How Physicians See ICD-10, and Its Effect on Their Practice

The United States is one of the last countries to switch from the International Classification of Diseases, 9th Revision, Clinical Modification (ICD-9-CM) to the International Classification of Diseases, 10th Revision, Clinical Modification, Procedure Coding System (ICD-10-CM/PCS). The compliance date for implementation of ICD-10-CM/PCS is October 1, 2015.

During an AHIMA Foundation Research Forum session on Sunday, Valerie Watzlaf, PhD, RHIA, FAHIMA, and Patty Thierry Sheridan, MBA, RHIA, FAHIMA, presented findings gathered in their study on physician perceptions of the ICD-10 transition titled “Physicians’ Outlook on the ICD-10-CM/PCS System and its Effect on their Practice.”

The objectives of this research were:

  • Evaluate physicians’ perceptions on the change from ICD-9 to ICD-10 and its effect on their practice.
  • Determine how health information management (HIM) professionals can assist in this transition.
  • Assess what resources are needed to aid in the transition.

Sheridan said she and Watzlaf “wanted to understand what role HIM professionals could play to help transition physicians to HIM.”

Methods and Measurements

Sheridan and Watzlaf developed focus group questions around eight major content areas:

  1. The impact of ICD-10 and electronic health records (EHRs)
  2. Billing and reimbursement
  3. Clinical documentation improvement
  4. Data mining
  5. Training and development
  6. HIM assistance
  7. Top priorities
  8. Qualitative data were analyzed using NVivo software and qualitative analysis.
Physician Focus Groups Convened

A total of 20 physicians were asked to participate in one of three focus groups. Twelve physicians representing multiple specialties and geographic areas agreed to participate. The moderator of these virtual focus groups was a physician and an AHIMA-approved ICD-10-CM/PCS trainer.

Three types of questions were posed to the physicians including engagement, exploration, and exit questions. Examples of engagement questions were, “What do you know about ICD-10?” and “How has your office/organization begun preparing for the transition?”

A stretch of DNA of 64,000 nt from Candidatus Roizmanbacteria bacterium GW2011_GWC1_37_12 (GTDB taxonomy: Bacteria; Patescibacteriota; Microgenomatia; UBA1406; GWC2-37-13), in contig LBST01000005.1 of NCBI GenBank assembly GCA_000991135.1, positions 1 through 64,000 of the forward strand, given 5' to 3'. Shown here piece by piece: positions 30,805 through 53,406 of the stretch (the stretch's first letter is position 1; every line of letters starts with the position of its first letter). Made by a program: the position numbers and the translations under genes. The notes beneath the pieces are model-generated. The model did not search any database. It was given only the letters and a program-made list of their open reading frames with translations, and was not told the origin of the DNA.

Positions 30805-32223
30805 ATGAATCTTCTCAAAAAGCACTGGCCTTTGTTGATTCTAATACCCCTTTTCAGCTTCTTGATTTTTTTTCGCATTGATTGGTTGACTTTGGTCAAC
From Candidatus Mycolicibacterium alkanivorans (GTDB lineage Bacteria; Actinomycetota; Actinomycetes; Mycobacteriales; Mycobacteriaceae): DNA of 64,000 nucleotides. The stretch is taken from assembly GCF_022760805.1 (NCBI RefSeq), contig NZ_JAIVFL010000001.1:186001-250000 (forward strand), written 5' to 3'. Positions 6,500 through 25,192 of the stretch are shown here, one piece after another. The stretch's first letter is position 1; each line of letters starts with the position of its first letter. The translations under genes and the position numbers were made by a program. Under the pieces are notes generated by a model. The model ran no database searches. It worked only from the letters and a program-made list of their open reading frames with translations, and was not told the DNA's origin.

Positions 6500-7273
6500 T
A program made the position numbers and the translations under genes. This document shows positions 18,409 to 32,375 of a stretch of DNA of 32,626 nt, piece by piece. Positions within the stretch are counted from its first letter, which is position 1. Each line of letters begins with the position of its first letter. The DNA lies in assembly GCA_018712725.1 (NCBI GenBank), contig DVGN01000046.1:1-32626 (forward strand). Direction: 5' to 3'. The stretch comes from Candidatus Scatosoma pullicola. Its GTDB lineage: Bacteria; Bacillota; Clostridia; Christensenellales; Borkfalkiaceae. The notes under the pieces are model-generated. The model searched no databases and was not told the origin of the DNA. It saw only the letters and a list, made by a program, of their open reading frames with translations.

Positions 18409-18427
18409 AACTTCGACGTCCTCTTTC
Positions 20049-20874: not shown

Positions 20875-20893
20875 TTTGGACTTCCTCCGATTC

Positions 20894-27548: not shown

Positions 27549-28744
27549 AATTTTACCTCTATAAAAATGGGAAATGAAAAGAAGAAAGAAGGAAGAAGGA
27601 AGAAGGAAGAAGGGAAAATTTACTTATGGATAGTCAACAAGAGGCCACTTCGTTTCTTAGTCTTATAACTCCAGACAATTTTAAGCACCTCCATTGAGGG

Interestingly, even though the research focus was on ICD-10, physicians instead expressed frustrations with the inefficiency and distracting nature of electronic health records.

A few of the exploration questions surrounded coding training and general concerns about ICD-10. The exit question was “What is your top priority in the transition to ICD-10?”

Research Results

A common theme that came out of the research, said Watzlaf, was that “most physicians were concerned about how specific our documentation has to be.”

Another was concerns about obtaining accurate reimbursement. Three-quarters of the respondents stated that they do their own coding or oversee coding at their facility, while the rest outsource their coding.

“One physician was thrilled that the codes were more specific to describe high-risk patients,” Watzlaf said.

Another prominent concern for physicians was getting the hospitals they practice in to train them on their inpatient documentation needs. Many thought that hiring an HIM professional to assist with coding in their practice was very important.

A key takeaway was that physicians don’t need to know everything about ICD-10, they just want to know what is specific to them and their practice.

Physicians said HIM professionals could help them with their ICD-10 transition by:

  • Creating a crosswalk of codes to convert to ICD-10 by specialty
  • Identifying changes in documentation
  • Listing the 10 most common diagnoses and documentation needs
  • Having an “ICD-10 for dummies” by specialty
  • Explaining why claims are being rejected
  • Educate billers and coders on how to maximize reimbursement
  • Feeding them information and making it more efficient
  • Providing training appropriate for physicians
  • Developing a crosswalk between DSM and ICD-10

Top priorities for physicians making the transition included EHR software readiness, increasing documentation specificity and time, the ability for healthcare professionals to learn a new language, and overcoming the inadequacy of current training methods and content.

Physicians also discussed advantages of the new system, such as improving data mining and being better able to demonstrate the complexity of patient cases by using more specific codes.

ICD-10 Increases Level of Detail

Respondents reported that ICD-10-CM/PCS will lead to increased specificity and will have a major impact on healthcare services since the level of detail in the documentation will need to increase, according to Sheridan and Watzlaf. ICD-10 will improve the ability to show the complexity of patient cases, which may lead to improvements in the quality of patient care, demonstrated outcomes, and reimbursement.

HIM professionals are needed during the transition to create simple, clear specialty guides and crosswalks as well as education and training tools specific for physicians.

Watch for this full research study in an upcoming issue of Perspectives in Health Information Management.

 

Catch up on the news and get insights from AHIMA’s 86th annual Convention and Exhibit held September 27-October 2 in San Diego, CA. For a complete list of event coverage on the Journal of AHIMA website, click here.

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